This is what writer Susan Sontag teaches us: we should know that we’re the writers of the story of our lives, and we can keep shaping who we really want to be for the rest of our days.
Sontag saw both her life and her personality as work in progress. She was addicted to New York City life. She didn’t just find herself there – she created herself.
According to biographer Benjamin Moser, her posthumously published diaries show a touching side of Sontag: she was capricious and fell in love over and over again. Her true ‘self’ kept changing, and she embraced this inner instability to the fullest.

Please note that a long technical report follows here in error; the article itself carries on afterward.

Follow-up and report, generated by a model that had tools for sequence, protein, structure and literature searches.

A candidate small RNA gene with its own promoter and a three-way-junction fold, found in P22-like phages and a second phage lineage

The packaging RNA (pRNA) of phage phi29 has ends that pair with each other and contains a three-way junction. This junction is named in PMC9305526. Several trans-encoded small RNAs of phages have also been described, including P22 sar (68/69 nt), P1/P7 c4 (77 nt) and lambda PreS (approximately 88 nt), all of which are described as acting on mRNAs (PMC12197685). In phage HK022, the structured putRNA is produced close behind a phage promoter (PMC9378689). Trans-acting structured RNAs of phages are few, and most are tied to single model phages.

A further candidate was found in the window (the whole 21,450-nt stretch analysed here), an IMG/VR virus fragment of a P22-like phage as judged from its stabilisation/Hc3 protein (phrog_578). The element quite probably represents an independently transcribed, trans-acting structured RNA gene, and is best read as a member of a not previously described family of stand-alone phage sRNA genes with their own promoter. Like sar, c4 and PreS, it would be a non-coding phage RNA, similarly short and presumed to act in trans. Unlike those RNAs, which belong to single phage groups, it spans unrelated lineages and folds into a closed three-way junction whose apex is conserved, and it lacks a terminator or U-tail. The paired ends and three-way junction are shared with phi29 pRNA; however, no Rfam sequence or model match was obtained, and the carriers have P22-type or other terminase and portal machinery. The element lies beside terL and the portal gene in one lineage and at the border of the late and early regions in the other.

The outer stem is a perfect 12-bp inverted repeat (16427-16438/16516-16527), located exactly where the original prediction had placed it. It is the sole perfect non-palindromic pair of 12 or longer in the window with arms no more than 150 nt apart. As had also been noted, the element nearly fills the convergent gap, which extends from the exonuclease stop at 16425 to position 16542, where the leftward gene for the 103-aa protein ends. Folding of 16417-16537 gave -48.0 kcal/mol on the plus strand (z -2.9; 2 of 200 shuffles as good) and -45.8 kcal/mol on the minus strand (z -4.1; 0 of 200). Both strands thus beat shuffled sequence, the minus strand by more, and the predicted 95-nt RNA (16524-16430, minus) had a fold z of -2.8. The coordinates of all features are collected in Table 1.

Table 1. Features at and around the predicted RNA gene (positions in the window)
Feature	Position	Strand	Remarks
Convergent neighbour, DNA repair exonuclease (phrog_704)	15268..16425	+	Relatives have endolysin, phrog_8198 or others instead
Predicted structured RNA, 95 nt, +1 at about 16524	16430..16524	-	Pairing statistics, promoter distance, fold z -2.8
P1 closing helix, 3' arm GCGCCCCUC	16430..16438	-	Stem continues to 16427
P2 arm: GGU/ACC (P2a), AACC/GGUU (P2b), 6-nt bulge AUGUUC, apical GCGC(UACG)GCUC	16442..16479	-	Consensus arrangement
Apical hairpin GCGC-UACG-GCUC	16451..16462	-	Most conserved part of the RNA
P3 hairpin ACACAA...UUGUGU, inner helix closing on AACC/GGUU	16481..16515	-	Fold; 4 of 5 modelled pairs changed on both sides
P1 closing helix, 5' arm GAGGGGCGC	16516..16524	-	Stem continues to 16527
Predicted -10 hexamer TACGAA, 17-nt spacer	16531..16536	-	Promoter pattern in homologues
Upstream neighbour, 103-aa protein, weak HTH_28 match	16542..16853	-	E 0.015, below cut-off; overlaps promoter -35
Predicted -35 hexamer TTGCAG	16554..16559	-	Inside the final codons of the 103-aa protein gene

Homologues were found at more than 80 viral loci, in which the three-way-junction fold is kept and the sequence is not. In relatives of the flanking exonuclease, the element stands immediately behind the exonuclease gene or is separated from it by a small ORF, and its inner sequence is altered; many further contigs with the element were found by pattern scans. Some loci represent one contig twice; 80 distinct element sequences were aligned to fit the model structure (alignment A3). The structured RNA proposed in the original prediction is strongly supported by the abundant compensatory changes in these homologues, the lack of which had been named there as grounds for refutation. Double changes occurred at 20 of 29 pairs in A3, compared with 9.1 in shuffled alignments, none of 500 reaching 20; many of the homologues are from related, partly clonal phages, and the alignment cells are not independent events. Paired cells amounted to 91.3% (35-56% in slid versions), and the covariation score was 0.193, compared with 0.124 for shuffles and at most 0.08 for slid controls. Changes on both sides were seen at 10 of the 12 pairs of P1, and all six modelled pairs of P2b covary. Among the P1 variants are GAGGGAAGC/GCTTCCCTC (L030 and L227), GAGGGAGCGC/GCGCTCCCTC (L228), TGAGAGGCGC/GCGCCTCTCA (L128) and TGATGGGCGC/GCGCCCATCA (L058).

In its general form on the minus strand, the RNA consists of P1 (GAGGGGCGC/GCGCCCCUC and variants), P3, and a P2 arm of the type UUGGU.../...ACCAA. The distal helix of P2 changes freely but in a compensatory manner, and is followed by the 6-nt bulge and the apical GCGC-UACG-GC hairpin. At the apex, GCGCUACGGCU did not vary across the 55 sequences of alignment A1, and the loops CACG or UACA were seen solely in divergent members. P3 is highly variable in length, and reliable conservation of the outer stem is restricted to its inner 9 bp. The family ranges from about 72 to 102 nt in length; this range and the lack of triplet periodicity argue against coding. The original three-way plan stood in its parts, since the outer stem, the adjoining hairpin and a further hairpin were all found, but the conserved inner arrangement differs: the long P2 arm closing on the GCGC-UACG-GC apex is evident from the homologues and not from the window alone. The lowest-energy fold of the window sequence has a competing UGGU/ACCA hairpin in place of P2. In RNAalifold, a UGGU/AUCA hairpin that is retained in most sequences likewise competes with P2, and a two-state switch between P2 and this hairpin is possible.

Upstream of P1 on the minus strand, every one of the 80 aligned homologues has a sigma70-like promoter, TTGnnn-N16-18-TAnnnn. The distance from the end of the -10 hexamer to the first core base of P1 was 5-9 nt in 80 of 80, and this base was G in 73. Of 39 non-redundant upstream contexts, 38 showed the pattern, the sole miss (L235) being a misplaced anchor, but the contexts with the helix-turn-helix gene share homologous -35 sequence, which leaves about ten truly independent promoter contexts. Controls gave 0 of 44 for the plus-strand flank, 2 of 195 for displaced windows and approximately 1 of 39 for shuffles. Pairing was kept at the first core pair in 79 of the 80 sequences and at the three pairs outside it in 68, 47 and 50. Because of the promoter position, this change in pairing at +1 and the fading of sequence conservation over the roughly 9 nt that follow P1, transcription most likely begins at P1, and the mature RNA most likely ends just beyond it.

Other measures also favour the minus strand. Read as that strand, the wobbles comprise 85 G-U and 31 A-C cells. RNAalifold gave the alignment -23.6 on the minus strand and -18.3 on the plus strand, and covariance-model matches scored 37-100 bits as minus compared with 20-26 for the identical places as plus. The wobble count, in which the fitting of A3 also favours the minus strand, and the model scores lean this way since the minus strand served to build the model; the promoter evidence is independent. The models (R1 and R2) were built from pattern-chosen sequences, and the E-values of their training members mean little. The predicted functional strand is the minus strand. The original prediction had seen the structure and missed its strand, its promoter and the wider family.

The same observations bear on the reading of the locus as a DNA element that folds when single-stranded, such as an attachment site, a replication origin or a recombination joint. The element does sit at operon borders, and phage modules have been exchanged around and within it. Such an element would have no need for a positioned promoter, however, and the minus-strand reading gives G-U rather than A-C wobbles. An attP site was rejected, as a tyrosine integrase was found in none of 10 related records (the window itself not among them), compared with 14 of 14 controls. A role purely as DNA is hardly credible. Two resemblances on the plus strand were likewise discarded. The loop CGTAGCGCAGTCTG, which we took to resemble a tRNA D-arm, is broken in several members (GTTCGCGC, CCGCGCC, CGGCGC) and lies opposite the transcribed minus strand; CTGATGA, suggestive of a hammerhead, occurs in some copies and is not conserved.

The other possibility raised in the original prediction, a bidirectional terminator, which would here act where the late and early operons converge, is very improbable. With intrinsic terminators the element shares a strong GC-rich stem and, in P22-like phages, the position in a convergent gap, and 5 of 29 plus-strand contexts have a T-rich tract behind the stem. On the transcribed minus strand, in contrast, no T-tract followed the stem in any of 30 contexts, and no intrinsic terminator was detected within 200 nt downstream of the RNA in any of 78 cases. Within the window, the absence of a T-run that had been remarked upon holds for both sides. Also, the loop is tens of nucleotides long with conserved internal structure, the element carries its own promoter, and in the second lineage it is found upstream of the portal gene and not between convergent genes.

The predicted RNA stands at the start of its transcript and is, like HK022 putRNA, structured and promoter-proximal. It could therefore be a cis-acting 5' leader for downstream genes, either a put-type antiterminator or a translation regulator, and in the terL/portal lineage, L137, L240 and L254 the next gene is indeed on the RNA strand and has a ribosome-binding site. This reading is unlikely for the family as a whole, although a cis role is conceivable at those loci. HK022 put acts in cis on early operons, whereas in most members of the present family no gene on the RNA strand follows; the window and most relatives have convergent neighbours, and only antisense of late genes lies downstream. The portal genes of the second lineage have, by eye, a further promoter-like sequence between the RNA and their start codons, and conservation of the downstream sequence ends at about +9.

Even when cancer struck her, she refused to accept she was a terminally ill patient. In her essay ‘Illness as metaphor’ (1978), she fought conventional ideas about patients, and made her life into an art project.
Many of us tend to get tangled into the spider webs of our history – the stories we spun about ourselves. We see our identities as an organically grown, fixed thing.
What can we learn from Sontag? Perhaps it is that our identity an illusion that we can transform with our own magic. And that, despite our worries or strange plot twists, we’re the directors of our own theater.
Sontag never let the world keep her from renewing who she was. With her pen –sharp as a knife – she kept shaping her identity. Because no matter in which way we grow, in the end, we’re all work in progress.
Text: Julia Maria Keers – Photo: Yoann Boyer
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